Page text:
Legal Issues: Unaccompanied: students not with a parent or legal guardian Homeless: If they meet the same definition of homelessness as other students
Runaway, pushed out, and unaccompanied youth are a growing proportion of children in homeless situations They often know what they are running from, but have no realistic idea of what they are running to. YOUTH ARE HOMELESS
Runaway and kicked-out youth often experience abuse, neglect, conflict, vulnerability, loss and trauma This often results in a student that has difficulty focusing, attending, sitting still, keeping up, participating, having resources Runaway Youth are Unaccompanied and Homeless
Barriers to Educational Success Frequent school changes - sets child back academically 4-6 months with each change Misses school due to: extreme mobility lack of transportation poor health system requirements Lack of consistent advocacy for educational needs
Lack of school records/birth certificates Lack of immunizations/immunization records Barriers to Enrollment & Attendance Lack of transportation Lack of information regarding rights and choices Lack of school supplies Lack school clothing
Barriers to School Success Place to do homework Ability to concentrate Resources to do extracurricular and enrichment activities Mental health resources: trauma PTSD, mental health adaptations to situation Physical health care
Unaccompanied Youth face additional barriers: Barriers to Enrollment-- Youth Attendance policies Secondary school credit accrual Lack of parent or guardian’s signature
Doubled Up & Unaccompanied: MV Eligible? Susan, age 16, has an altercation with her mother and leaves home. She stays with various friends a few nights here and a few nights there. She attempts to enroll in the district where her boyfriend attends. The registrar tells her she cannot enroll herself and must go back to the school of residency where her parents live. Is the registrar correct that a 16 year old cannot enroll her self? Is Susan MV eligible? Must the school report Susan as a runaway?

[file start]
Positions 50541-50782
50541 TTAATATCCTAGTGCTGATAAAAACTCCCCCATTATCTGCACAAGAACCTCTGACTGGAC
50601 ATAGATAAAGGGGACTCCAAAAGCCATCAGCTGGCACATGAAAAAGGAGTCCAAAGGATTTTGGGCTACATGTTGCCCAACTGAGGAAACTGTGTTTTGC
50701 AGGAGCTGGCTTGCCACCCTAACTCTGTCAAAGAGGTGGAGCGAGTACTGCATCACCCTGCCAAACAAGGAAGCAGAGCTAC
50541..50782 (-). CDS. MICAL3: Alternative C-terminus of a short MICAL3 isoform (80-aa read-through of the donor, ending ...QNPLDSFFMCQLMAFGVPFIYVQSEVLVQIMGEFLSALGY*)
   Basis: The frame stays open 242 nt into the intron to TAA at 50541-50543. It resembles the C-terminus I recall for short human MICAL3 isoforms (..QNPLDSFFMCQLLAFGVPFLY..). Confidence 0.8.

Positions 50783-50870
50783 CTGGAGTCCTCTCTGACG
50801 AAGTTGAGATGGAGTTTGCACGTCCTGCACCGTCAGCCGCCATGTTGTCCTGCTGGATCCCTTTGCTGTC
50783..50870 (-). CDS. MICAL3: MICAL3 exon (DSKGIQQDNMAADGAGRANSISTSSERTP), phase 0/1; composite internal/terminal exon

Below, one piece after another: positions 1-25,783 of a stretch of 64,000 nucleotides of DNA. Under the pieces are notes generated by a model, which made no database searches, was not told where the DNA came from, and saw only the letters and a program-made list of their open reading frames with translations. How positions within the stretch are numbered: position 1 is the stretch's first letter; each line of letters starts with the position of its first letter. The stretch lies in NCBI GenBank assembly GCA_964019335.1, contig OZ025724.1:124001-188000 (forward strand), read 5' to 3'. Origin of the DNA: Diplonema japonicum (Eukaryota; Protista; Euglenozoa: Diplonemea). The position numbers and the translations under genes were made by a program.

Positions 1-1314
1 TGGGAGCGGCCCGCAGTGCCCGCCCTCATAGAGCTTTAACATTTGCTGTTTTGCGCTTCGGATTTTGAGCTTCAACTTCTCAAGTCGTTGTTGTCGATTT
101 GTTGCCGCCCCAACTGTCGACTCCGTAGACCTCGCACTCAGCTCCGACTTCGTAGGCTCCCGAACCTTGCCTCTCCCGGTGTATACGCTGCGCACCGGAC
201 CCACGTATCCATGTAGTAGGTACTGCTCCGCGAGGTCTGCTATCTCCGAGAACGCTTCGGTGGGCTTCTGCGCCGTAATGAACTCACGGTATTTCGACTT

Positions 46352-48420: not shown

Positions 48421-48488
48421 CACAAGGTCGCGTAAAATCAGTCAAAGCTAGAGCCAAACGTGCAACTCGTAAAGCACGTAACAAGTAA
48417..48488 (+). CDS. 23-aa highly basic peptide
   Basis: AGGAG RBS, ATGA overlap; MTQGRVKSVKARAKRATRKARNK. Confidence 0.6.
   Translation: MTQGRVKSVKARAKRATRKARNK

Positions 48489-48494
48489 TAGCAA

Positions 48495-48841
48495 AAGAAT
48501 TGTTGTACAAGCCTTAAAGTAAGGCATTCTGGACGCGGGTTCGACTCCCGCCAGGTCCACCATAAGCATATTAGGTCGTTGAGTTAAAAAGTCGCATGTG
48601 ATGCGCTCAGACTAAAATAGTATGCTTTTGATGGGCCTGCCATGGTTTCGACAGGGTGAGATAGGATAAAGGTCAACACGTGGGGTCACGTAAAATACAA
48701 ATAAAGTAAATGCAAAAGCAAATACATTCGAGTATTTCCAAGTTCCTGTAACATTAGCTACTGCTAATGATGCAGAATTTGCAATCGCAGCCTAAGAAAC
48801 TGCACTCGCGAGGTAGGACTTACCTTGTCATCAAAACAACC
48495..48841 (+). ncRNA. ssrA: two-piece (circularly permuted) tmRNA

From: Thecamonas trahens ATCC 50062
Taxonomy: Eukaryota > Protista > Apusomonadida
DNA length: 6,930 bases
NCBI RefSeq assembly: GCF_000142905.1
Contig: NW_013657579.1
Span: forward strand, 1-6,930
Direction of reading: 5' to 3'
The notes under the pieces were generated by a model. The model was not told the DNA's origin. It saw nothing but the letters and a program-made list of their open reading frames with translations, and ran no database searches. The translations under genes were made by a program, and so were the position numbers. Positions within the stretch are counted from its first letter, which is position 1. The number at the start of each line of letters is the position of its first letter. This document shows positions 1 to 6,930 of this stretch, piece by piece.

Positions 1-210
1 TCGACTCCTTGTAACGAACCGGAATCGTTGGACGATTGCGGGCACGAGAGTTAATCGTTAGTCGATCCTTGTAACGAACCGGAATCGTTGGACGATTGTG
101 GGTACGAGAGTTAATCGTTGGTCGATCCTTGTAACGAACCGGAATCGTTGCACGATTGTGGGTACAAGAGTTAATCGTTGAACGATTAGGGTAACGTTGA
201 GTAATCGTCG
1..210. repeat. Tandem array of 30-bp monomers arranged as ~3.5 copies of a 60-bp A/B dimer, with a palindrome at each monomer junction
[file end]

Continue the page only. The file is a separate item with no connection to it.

Doubled Up & Unaccompanied: MV Eligible? Bob is 16 years old. He gets into a fight with his father, an affluent lawyer in town. Bob’s father tells his son to just “get out”. Bob goes to stay with a friend. He spends a few nights on his friend’s couch, then moves on to stay in the garage of another friend. Bob’s teacher learns about his situation and calls you the homeless liaison to see what can be done to help Bob. Is Bob unaccompanied? Is he McKinney-Vento eligible? Would it make a difference if Bob ran away instead of being kicked out? What if Bob’s father calls threatening to sue the school if they enroll Bob without his parent’s permission?
Doubled Up & Unaccompanied: MV Eligible? Sam is 16 years old. He has stayed with various friends after leaving his emotionally abusive stepfather’s house about three weeks ago. Last night his friend told him he could no longer stay with him. Sam has identified another friend he thinks he can stay with, but that friend lives in another school district. Sam has been attending school regularly and is mostly not tardy. He does well in school, but could likely do better if he was in a more stable situation. He is afraid to draw the attention of authorities as he fears being placed in foster care. How would you talk to Sam about his living situation? How would you talk to Sam about his school situation? How would you advocate with Sam’s current school so that he can remain there.
Must the district enroll an unaccompanied youth? Yes! Can the school require parent or guardian permission? No! What are the liability issues? Not following the law!
When might an unaccompanied youth not be homeless? When a parent or legal guardian makes “arrangements” for the youth to stay in out-of-home accommodations